90 Days: How Wineries Can Survive the Covid-19 Crisis and Emerge from it Stronger - PART I

Wineries are facing unprecedented challenges, both in terms of immediate operational obstacles such as how to pay employees now that sales have slowed, as well as medium-term threats such as how to hang on to clients that may well be re-evaluating portfolios and reducing numbers of suppliers. Added to all this is the uncertainty about the duration of the “pothole”—the period of quarantine that has closed restaurants and brought travel to a standstill—and of the pace and character of the recovery.


Winery owners and managers may be tempted to wait to act until they have a clearer understanding of how the wine sector will be different going forward, but those who have the courage to act now on the signals already coming from the market will gain weeks and months over those who defer decisions. Right now, wineries need to enact:

  • A survival plan to meet financial obligations and maintain production for 2-3 months, addressed below;

  • A set of key changes that will position them for a strong recovery, which will be addressed tomorrow in Part II of this article.



BRIDGING THE GAP

Based on China’s experience and on forecasts for Italy, it seems likely that quarantines will last 60-90 days total (so roughly another month in Italy), a daunting length of time to contemplate selling little or no wine, but nothing near the six months or more initially feared.

Wineries without financial reserves can work to address their cash crunch by:


Implementing creative ways to generate short-term sales. (See below for examples of successful initiatives.) While competitors are reeling from the shock of the new reality, wineries should launch a series of concrete initiatives today to roll out over the next few weeks.

  • Recovering even 10 or 15% of usual sales combined with a reduction in immediate cash needs (see 2 below) can make the difference between a business bridging the gap or not.

  • Business gurus point to experimentation as the fount of innovation and value creation. Today’s experiments may grow into a major source of future income—and, for now, the opportunity cost of diverting resources to more experimental strategies is low.

Negotiating with suppliers. Agreeing with suppliers on deferred or temporarily discounted payments reduces pressure on both businesses—the winery’s to come up with all the money due now and the supplier’s to avoid carrying 100% of the A/P. In addition, there may be alternative ways to compensate suppliers for their flexibility, such as giving them a personal introduction and strong recommendation to other potential clients, committing to future purchases or exploring potential co-marketing alliances. Suppliers ultimately want to collect the money they are owed; these are temporary solutions aimed at diffusing a cash crunch for a few weeks or months. However, they may give birth to collaborations that are profitable in unexpected ways, while fostering mutual loss-minimisation.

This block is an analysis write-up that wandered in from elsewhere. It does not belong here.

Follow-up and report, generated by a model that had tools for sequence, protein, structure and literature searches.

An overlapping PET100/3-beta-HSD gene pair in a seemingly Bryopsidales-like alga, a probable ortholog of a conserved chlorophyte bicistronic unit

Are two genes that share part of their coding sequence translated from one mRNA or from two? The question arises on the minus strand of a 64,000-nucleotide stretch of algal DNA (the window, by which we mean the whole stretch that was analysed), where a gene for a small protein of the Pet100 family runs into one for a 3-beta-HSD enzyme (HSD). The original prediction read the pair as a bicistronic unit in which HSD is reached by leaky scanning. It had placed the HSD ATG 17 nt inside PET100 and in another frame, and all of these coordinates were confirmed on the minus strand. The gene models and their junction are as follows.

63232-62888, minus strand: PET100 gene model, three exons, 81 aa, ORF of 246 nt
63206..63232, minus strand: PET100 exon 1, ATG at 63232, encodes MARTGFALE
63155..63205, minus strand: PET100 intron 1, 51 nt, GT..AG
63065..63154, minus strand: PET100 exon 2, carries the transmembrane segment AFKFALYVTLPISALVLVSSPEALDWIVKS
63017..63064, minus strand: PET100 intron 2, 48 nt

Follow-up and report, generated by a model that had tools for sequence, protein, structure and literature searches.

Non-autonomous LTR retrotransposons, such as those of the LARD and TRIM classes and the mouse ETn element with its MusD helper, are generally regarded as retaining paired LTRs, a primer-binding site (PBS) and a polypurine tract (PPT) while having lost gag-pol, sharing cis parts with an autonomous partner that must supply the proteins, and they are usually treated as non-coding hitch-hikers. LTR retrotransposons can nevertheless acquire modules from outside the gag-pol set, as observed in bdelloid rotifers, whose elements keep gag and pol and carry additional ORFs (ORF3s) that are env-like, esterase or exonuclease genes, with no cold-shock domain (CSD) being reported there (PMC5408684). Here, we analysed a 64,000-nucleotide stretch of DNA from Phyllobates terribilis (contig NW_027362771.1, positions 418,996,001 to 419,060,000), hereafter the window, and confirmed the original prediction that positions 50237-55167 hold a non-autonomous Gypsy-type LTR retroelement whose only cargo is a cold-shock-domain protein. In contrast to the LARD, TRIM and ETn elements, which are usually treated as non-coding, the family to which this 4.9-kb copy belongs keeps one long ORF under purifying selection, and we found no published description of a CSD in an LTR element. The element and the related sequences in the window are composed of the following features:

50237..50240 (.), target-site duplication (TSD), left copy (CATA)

Wine businesses in Italy and elsewhere report success with the following over the past few weeks:

  • Launching a special offer, with a deeper-than-usual discount. To minimize uncertainty around the brand, it’s important to explain to clients what’s going on. “The launch of our rosé in March is important because it gives clients their first taste our new vintage and because it provides the winery with money to continue to age and then bottle the previous vintage’s reds. We’ve decided to offer our 2019 rosé at a 30% discount. We hope that even though you are facing financial challenges, you will choose to buy some this year, too.”

  • Offering a limited number of bottles from older vintages. Some customer segments remain relatively unaffected in an economic downturn. Personalised offers to wholesale or retail customers that have the resources to take advantage of a rare opportunity can catalyse a handful of higher margin transactions.

  • Direct-to-consumer sales: reaching out to retail customers, followers and fans directly. Transactions that may have been perceived as too time-consuming for the revenue amount involved are being appreciated for what they really are: high margin sales that lower the winery’s risk by enlarging its customer base and building a direct, meaningful connection with those who drink its wines.

Restaurants are setting a strong example of creative compromising by offering carry-out services in order to maintain a percentage of their usual revenues. Wineries would do well to enact some short terms measures now: they will boost morale and provide some immediate cash. And, if quarantines last longer than expected, the value of these initiatives will only grow.

Tomorrow: Part II--Preparing for a Strong Recovery

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